He was born in Tankerness and worked at The Orkney Herald, and he went to America in search of opportunity. And when he died in 1912, his funeral in New York was attended by many leading names in the film industry.
He had become a leading name himself by creating a weekly magazine that was a beacon for the development of the industry. It covered the latest releases, highlighted inventions, championed standards of equipment and safety, and rallied against fraud and monopolies.
His name was James Petrie Chalmers and he was born 150 years ago, on 8 February 1866.
He was the eldest of four children born to James P. Chalmers snr and Eliza Firth. They had a small croft in Tankerness at a site which is now part of one of the runways of Kirkwall airport.
He left school at the age of 13, to begin a seven-year apprenticeship as printer/compositor with The Orkney Herald in Kirkwall. Soon after finishing, he left Orkney to begin a new life in New York. The 1890 edition of New York City Business Directory lists him as a printer.
Photography caught his imagination and he was soon involved in the production of photographic magazines. This was the time when George Eastman was developing roll film and the Kodak Box Brownie.
On 9 March 1907 he launched The Moving Picture World, arguably the most important film magazine ever. It was an independent trade paper for the industry, a journal where the latest news, technical advances, safety standard, licensing, film releases – in fact everything to do with the industry – were reported.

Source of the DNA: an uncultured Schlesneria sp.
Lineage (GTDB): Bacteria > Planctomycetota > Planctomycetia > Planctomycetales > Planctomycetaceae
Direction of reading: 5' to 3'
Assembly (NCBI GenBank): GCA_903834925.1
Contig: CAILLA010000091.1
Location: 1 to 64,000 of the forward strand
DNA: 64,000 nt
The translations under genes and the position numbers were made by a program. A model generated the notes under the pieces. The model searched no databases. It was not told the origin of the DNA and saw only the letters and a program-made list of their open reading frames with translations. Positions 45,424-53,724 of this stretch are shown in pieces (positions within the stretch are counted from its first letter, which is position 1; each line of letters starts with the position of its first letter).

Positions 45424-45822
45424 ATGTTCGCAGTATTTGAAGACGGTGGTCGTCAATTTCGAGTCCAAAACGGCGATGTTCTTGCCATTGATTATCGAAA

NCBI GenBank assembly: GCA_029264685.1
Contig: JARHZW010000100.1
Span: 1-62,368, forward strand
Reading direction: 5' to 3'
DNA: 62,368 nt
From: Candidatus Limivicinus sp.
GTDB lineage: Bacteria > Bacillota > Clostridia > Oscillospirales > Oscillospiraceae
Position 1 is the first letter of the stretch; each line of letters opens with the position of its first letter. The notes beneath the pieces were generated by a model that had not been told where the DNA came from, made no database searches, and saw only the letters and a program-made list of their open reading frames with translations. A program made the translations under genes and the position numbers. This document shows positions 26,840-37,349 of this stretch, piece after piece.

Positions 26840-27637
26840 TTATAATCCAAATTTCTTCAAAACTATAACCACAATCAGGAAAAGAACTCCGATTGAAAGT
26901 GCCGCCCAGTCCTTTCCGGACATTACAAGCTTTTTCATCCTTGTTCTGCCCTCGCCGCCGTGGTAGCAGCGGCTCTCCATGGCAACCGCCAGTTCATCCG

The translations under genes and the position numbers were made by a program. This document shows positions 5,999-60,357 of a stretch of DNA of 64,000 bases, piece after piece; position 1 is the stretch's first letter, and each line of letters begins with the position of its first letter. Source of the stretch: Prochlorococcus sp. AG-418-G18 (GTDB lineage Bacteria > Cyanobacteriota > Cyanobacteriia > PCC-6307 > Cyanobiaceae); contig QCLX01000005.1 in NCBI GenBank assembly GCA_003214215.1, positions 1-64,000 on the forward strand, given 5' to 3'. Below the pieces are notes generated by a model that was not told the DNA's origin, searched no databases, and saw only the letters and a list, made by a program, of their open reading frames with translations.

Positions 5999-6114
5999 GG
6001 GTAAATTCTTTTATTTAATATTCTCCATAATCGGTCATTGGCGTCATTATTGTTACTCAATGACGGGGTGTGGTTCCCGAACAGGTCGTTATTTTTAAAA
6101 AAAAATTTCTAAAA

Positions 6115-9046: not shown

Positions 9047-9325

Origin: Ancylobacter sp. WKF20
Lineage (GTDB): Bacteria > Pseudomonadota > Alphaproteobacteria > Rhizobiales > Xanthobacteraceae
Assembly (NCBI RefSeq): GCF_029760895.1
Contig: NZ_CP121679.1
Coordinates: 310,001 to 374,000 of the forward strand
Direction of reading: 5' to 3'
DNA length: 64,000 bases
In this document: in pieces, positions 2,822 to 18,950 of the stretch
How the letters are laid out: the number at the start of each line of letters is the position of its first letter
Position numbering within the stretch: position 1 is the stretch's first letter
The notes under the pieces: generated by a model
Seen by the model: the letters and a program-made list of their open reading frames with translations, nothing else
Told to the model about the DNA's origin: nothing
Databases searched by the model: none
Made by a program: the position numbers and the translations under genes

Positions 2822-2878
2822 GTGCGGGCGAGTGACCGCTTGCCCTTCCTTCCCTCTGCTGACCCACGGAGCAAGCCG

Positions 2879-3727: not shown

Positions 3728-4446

The magazine made an impact at a key moment in the development of the new industry, at a time when it was very different from today. Most of its power was on the east coast; Hollywood did not yet exist. There were some unscrupulous operators making money from showing sleazy films, thereby playing into the hands of anti-film lobby which sought to use these failings as a weapon against the whole industry.
Various companies were trying to seize control of the new industry by making use of patent law, intimidation and the press. But Chalmers very determinedly steered clear of taking sides. For him the whole business was about integrity and setting standards for the future. The industry needed an independent voice and a way for everyone within it to communicate with each other; which is what he provided.
From the beginning of his connection with the motion picture to his last conscious utterances, Chalmers strove for quality and preached quality. He had no taste for the ‘politics’ of the motion picture.”
(W. Stephen Bush, film journalist, April 1912)
As founder and editor of The Moving Picture World, he dedicated his life to raising the standards of the film industry. He saw with astonishing clarity its value as a moral and educational agent and how it had to unite and regulate itself to fight the external enemies bent on its destruction.
Even when he himself came under pressure from those trying to take control within the industry, he stood his ground and risked financial loss rather than give way.
Few men could have stood the strain, but Chalmers had back of him a long line of sturdy Scottish forbears and could take physical punishment to generous quantities. Week after week he wrote practically everything that went into the Moving Picture World and then worked over the mechanical details at the printing office, for he was a practical printer, away into the small hours of the morning. By such means of economy he was able to tide over the period of financial difficulties that beset him during the earlier days of the paper’s existence.”
(James L. Hoff writing in the 10th anniversary edition of Moving Picture World)
The industry rapidly came to see him as a champion, an honest man of integrity who stood beyond the factions and fought for the industry as a whole.
The first issue set out the vision, right at the outset
It is the intention to give the best, and only the best, news concerning the film industry, describing briefly each new film as it is produced, taking note of its quality and giving an unbiased opinion of its merits or demerits.”